Run, Samson, Run.

This blog entry is all about the Delilah tiara, which I first mentioned here.  In the show Faust, there’s a part (that’s usually cut!) where a whole bunch of beauties do a sexy ballet and try and seduce Faust. In the version we did here, they were all beauties of french opera- Cleopatra, Helen of Troy, Carmen, and of course, Delilah!
First, the mock up.

Built on a wired buckram base, the mock up was mostly to show the director what kind of beads and findings I would use. Because we don’t really have enough money to buy new things, I had to rummage around in our stock of beads.  Covering the cut out form:
Now wiring the top of the tiara:
Wiring the side princess leia-y bits!
Sewing the beads on and putting it all together!
Fitting time! Not quite done- I had to hold the top ball up for the photo!

Shiny beads!
This is an incredibly detailed tiara I’ve made, and I’m proud of myself, I learned a lot making it. But.  (There’s always a but!) One of the problems of working for such a huge opera company is… well, its a huge company, and a huge stage, so sometimes it’s hard to see your work!

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The life cycle of a hat.

Here is a hat that I made. Below is the mock up, made of buckram and some paper. I don’t have pictures of pulling the buckram, but just know that it looks cool. It’s a hat in 3 pieces- lid, tube, both made of buckram, and brim, made of paper in the mock up and made of leather in the real deal.
So the mock up was taken into the fitting, and once it was determined that the designer liked it, I started to make it into a real hat.  First step, wiring the buckram.
Next step, covering the form with flannel. This makes it nice and smooth, so the wire doesn’t stick out so much. This is important with this hat, because the fabric that’s going to cover it is silk.
Then I pulled the fashion fabric tight over the lid and sewed it down. I seamed the fashion fabric and sewed it around the top of the tube. Until this point, the lid of the hat and the tube are separate bodies. By flipping the tube fabric up, I sewed the lid to it so it was completely invisible. Millinery magic.
Now it’s time for the brim, which is made out of cow skin that I dyed and painted and edged.

Normally sewing on the brim would be something I did on the patcher, an ancient sewing machine that cobblers use to mend boots, among other things. But our patcher machine is broken and the only man in the state of New Mexico who knows how to fix it is MIA. So I did it by hand.
Then I put on the band and the trim, and sewed in the lining.
Notice the official SFO label. Final step- Grossgrain ribbon!
Now the hat is ready to go on stage-
Just in time for the dress rehearsal! A milliner’s work well done.

What do I find then, the next morning?
The actress smooshed it in her hands and then kicked it into a puddle onstage!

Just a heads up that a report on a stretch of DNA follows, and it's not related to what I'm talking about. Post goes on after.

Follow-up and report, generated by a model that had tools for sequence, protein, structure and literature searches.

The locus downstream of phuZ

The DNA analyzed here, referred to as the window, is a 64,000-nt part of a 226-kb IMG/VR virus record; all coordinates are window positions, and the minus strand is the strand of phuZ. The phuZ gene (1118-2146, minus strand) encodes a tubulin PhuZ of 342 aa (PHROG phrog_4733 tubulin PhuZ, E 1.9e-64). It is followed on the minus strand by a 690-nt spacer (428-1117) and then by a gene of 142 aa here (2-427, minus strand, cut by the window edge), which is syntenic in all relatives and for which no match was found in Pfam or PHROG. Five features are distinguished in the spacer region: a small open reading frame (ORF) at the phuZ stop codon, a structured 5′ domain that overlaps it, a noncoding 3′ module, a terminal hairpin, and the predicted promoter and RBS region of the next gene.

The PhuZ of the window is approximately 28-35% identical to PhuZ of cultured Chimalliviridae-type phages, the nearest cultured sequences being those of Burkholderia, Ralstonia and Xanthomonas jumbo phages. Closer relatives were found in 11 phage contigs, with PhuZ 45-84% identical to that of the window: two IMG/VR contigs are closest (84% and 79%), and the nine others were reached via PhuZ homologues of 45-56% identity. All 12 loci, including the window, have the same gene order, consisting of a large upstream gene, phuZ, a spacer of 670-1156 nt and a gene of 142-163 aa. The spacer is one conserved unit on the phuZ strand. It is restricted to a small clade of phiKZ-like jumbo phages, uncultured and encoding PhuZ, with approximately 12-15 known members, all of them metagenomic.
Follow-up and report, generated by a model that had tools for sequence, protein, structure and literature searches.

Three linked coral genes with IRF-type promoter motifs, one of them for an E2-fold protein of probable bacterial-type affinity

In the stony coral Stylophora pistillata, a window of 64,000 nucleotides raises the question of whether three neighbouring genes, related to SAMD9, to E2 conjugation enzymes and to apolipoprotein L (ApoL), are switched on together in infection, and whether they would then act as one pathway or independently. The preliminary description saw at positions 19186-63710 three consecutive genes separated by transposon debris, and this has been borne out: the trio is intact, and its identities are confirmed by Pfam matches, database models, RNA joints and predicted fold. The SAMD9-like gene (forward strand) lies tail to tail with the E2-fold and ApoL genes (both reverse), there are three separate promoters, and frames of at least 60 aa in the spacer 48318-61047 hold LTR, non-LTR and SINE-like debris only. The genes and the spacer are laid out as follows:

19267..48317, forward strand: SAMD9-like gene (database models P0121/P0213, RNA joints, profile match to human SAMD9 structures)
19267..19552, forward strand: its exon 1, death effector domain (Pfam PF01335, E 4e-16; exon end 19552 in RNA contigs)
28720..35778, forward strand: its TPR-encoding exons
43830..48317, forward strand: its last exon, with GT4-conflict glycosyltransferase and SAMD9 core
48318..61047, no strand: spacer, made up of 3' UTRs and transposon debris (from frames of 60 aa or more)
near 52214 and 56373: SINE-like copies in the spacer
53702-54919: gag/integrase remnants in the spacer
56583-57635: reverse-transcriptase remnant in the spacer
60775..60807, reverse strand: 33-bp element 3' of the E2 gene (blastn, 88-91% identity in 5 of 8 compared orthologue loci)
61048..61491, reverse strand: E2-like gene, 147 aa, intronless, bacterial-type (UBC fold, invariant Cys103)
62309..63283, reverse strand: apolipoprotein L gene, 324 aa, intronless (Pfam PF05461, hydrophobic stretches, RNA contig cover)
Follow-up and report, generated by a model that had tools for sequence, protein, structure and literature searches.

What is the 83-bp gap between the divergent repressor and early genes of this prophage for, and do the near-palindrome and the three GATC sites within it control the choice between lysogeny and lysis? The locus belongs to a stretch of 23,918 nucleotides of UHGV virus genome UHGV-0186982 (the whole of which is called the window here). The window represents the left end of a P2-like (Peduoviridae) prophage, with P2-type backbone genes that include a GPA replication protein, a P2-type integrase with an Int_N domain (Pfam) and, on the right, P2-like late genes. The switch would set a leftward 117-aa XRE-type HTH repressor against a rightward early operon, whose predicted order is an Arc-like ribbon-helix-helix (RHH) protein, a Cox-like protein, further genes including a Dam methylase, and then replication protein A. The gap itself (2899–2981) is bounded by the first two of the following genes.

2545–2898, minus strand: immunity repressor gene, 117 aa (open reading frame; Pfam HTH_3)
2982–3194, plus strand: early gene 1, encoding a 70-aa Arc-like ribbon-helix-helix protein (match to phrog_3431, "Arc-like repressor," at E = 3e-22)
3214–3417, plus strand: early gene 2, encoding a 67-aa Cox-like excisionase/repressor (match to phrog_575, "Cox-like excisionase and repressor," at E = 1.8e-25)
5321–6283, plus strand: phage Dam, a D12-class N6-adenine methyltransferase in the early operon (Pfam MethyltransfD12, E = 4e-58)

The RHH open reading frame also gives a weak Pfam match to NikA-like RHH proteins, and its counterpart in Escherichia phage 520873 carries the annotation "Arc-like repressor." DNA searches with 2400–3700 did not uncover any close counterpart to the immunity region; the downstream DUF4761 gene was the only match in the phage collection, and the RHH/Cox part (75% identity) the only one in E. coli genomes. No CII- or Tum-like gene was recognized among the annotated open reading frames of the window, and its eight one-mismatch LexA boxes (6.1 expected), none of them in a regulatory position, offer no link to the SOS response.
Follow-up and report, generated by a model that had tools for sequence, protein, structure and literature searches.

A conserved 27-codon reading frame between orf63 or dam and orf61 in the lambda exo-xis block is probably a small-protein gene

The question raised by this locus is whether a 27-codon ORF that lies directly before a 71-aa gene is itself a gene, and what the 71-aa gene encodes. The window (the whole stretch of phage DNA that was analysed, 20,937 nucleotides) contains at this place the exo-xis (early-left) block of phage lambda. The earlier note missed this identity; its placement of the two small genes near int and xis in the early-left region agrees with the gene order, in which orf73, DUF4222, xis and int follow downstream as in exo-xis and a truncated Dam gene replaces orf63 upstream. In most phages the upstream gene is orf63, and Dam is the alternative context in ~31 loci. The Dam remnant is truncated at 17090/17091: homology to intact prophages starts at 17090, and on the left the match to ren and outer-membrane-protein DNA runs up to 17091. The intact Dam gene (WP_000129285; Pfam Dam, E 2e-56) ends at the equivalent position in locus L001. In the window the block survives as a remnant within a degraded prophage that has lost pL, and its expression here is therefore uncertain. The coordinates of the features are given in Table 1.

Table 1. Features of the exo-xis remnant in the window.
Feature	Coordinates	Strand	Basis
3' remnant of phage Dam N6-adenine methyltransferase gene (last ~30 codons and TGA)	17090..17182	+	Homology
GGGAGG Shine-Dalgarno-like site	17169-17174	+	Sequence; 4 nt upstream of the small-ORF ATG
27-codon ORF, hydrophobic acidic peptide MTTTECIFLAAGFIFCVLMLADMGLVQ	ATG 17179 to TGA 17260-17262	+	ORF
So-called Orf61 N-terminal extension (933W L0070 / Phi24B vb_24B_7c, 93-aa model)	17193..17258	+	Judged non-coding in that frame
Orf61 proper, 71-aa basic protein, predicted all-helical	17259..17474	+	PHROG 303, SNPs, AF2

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Chimayo

I went to the town of Chimayo a few weeks ago. There’s a little church in the hills there and I’ve been wanting to go for years.
It was even more scenic than I imagined- I can see why it’s one of the most popular pilgrimage destinations in the United States.



Apparently people walk all the way from Albuquerque carrying crosses.
So… the other thing about Chimayo is that the devoted believe the earth from the antechamber of the church sanctuary has magic healing properties. You aren’t allowed to take pictures, which is unfortunate (and sad, because in a way, taking photos is sometimes my method of spiritual devotion) but the last thing I would want to do is be disrespectful of someone’s beliefs. But the room with the dirt is really amazing. It’s a little dug out circular hole, and there’s a plastic solo cup in it so you can take some of the very dusty earth. All around the little room are wooden hand painted signs that say things like “no matter your ailment, in your body or heart, trust in god and in his sanctuary in chimayo and you will be healed by this sacred dirt.”  I took the picture below standing just outside the door.
You can barely just see the sign that says “holy dirt room.”  What you can’t see from this picture is the huge rack of crutches that are hanging there, and wheel chairs, and other sorts of medical accessories that the healed shed. I couldn’t stay long in the church itself, because they were just about to have Mass, but the Alter was one of the most beautiful I’ve ever seen. Obviously I couldn’t take a picture, but here’s a photo of the postcard that I bought.
It was very serene and holy seeming, but also quite quirky. There seems to be a certain amount of huckster tourist commercialism that is often incorporated into such places, and I’m such a fan of it.
There’s also a strong strain of Do It Yourself worship that seems to run much deeper, which is also very appealing to me.  And more meaningful. These two different ways, which are sometimes so stark in contrast, seemed really in harmony in Chimayo. I would love to go back, and maybe stay for the Mass.

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Week one in Santa Fe

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Back To Work

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